River Cities Gazette

Miami Springs council approves Pets Trust Initiative

 
 
POPULAR VOTE: After county commissioners backed away from the Pets Trust Initiative despite it being passed on a county-wide vote, proponents of the program were in the Miami Springs council chambers on Monday night and the council unanimously approved it on a local level.
POPULAR VOTE: After county commissioners backed away from the Pets Trust Initiative despite it being passed on a county-wide vote, proponents of the program were in the Miami Springs council chambers on Monday night and the council unanimously approved it on a local level.
Gazette File Photo

River Cities Gazette

The Miami Springs council got away from a lot of city business at last Monday’s regular council meeting but they took an important step in trying to get Miami-Dade County to enact the will of the people when it comes to animal rights.

Last November, there was a countywide vote on the “Pets Trust Initiative” that would keep 20,000 animals a year from being killed by Animal Services. It passed overwhelmingly and as Pets’ Trust Founder Michael Rosenberg deadpanned at the meeting, “It got more votes than Obama in Miami-Dade County.”

The vote was supposed to result in a cost of about $15 per household each year, to ensure these daily killings would not continue and every healthy animal would be spayed or neutered. Viewing this as a tax and playing politics, eight of the 13 Miami-Dade County commissioners voted against implementation.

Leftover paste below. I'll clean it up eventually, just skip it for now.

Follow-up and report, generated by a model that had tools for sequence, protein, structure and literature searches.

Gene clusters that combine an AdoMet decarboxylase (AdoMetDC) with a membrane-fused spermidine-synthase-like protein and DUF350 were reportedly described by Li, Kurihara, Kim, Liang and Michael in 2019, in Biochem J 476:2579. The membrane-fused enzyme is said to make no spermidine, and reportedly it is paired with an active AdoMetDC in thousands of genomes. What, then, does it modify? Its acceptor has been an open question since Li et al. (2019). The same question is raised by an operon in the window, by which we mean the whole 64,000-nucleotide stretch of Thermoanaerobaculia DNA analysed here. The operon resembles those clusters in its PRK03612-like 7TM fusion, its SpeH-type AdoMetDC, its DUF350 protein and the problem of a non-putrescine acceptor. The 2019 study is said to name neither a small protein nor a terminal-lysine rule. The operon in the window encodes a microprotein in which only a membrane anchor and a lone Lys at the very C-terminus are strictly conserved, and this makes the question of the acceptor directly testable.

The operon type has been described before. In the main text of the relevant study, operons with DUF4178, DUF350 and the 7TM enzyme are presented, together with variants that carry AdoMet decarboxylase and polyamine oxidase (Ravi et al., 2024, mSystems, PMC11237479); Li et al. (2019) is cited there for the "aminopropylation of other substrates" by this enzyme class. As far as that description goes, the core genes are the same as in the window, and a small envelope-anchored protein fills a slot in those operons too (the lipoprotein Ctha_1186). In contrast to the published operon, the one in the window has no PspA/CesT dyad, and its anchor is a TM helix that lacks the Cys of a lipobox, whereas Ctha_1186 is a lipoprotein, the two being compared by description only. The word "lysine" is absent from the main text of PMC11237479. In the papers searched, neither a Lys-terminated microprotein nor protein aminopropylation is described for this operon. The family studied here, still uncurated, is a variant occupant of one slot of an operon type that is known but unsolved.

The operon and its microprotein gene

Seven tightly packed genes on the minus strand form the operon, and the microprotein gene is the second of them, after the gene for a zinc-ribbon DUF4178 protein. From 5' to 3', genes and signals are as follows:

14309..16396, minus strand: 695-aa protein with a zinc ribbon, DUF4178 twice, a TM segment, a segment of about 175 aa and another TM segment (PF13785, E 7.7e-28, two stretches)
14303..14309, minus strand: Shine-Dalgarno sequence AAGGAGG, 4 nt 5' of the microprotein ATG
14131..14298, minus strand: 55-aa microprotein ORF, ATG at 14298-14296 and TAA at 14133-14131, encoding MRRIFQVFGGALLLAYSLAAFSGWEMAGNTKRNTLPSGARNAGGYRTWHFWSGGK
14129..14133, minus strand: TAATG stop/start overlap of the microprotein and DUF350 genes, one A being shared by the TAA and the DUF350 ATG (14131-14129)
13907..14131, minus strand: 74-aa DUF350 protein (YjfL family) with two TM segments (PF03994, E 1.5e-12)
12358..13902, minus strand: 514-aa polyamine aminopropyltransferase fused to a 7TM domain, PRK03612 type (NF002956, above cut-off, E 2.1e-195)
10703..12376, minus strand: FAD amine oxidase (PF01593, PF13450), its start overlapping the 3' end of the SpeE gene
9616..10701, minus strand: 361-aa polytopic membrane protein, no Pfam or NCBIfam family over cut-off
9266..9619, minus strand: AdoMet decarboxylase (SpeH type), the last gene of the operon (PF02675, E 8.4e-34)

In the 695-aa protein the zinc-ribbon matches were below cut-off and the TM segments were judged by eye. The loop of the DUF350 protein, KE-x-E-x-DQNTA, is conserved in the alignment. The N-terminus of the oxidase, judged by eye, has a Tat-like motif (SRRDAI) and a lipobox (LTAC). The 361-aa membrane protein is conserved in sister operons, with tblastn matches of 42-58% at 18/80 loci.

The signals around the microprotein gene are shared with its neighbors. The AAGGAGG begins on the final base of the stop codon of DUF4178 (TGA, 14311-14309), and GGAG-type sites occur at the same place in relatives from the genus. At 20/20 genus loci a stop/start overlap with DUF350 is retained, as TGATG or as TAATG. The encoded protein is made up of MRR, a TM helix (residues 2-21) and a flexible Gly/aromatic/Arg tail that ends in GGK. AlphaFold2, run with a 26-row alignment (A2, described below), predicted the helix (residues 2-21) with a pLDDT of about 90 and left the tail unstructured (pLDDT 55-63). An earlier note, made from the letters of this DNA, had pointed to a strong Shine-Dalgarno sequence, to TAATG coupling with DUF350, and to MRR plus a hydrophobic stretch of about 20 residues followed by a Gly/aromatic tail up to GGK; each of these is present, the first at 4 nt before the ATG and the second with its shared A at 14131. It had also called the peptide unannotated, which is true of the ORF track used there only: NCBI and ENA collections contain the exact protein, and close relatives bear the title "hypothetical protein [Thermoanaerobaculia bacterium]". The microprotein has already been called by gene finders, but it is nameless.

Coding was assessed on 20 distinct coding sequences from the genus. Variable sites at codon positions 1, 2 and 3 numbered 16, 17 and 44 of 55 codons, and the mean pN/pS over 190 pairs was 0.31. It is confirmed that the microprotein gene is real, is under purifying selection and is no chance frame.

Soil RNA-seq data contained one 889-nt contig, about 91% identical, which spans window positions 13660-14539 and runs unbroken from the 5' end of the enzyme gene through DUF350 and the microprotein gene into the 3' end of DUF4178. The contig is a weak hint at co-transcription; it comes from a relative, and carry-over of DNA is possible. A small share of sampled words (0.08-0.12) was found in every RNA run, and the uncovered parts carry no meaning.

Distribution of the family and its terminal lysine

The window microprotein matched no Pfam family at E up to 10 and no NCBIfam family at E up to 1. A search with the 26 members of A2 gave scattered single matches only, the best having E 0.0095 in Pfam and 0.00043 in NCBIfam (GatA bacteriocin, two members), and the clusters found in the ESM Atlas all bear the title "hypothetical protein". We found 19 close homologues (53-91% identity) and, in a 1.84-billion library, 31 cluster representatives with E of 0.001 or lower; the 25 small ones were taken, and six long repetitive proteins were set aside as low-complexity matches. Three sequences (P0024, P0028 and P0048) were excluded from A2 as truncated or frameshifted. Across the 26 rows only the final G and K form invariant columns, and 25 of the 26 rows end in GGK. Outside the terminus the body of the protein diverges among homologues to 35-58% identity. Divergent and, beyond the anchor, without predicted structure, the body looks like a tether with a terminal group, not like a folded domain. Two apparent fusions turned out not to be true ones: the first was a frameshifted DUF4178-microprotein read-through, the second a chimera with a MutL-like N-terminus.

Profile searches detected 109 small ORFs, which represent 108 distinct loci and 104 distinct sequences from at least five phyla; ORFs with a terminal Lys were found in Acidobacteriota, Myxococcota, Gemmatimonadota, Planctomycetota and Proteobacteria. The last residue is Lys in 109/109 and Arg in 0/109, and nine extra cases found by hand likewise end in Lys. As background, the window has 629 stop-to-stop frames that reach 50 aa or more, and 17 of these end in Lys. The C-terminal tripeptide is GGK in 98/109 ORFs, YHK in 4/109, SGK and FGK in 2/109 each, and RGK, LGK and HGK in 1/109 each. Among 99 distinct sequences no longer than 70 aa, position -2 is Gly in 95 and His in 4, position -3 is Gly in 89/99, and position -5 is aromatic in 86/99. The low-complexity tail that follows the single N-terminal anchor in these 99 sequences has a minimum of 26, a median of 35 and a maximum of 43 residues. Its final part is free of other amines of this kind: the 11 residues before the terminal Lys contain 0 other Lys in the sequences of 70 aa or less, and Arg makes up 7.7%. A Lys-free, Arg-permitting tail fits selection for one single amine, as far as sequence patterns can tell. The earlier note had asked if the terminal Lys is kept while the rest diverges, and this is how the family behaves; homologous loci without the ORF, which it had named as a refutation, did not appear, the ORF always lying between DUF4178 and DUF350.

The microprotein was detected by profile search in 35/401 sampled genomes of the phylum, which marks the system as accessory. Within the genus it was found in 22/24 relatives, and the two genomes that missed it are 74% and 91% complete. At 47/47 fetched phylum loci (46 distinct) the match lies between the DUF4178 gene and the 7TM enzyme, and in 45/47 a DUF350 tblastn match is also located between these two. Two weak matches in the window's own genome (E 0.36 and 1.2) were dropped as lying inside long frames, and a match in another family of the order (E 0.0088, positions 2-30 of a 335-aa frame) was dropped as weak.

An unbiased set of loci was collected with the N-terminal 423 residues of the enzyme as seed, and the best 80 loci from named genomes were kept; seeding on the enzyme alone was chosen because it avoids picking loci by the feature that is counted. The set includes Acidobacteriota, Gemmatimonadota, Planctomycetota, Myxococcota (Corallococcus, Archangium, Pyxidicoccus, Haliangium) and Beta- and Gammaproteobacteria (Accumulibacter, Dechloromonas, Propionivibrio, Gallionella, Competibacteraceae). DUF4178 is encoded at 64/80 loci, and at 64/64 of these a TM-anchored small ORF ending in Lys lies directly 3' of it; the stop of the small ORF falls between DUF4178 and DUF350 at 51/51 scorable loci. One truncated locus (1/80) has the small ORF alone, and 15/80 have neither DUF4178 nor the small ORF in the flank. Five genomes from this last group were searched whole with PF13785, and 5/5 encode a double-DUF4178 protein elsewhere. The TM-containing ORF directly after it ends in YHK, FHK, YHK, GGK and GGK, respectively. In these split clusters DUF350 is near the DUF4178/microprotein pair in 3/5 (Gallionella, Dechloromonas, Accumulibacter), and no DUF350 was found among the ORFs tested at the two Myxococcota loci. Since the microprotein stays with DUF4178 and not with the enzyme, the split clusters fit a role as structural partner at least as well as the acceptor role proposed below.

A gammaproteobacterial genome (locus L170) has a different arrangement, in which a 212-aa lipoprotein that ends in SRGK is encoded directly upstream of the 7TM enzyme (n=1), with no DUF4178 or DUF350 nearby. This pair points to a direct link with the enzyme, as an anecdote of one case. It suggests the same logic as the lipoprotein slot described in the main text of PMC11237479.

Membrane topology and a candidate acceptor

So, Rosenberg, who now heads a volunteer group of 1,500, has to “now fight for democracy” after winning the battle for animal rights. Miami Springs would be the fourth stop on his tour of every municipality to gain support for Pets’ Trust.

“You walked into one of the most pet-friendly communities in Miami-Dade County,” said Mayor Zavier Garcia. “Thank you for coming and I commend you greatly for doing this. This council will do the right thing.”

Miami Springs was being asked to pass a resolution, similar to the ones Homestead, Miami Beach, and Doral had already passed, “to implement the will of the people in the current budget session by establishing the funding mechanisms approved by a super majority of the voters.”

There was no doubt that this resolution, brought to the table by Councilman Jaime Petralanda, would get unanimous support from the mayor and council.  

“What we are being asked to do is what our voters want,” Councilman George Lob said just before the 5-0 vote to adopt the “Doral” format in support of the Pets’ Trust Initiative.

In other news, 

the council:

• Awarded a Certificate of Recognition to Max Dunevitz for his recent Eagle Scout project to beautify the Miami Springs Senior Center. He planned, coordinated and implemented the landscaping improvements for the benefit of the community.

 • Reviewed the second-quarter budget status for 2013-14 and were assured that the city is within budgeted revenues and expenses in all departments. And the $190,000 projected increase in fund balances is still attainable if there are “no surprises.”

The golf course is reporting a year-to-date loss of $313,234 that is part of the budgeted $726,993 loss for the year, due mostly to increase in maintenance costs to improve the condition of the course.

Total revenues are up 8.4 percent over last year, membership revenues are up 53.8 percent, and driving range revenues are up 27.2 percent. The rounds played are down 11.6 percent from last year but the average per round ($32.16) is up 16.4 percent. 

• Approved unanimously the purchase of a full-page ad in the Quality Cities Magazine to celebrate the Florida League of Cities Conference to be held Aug. 14-16, 2014.   

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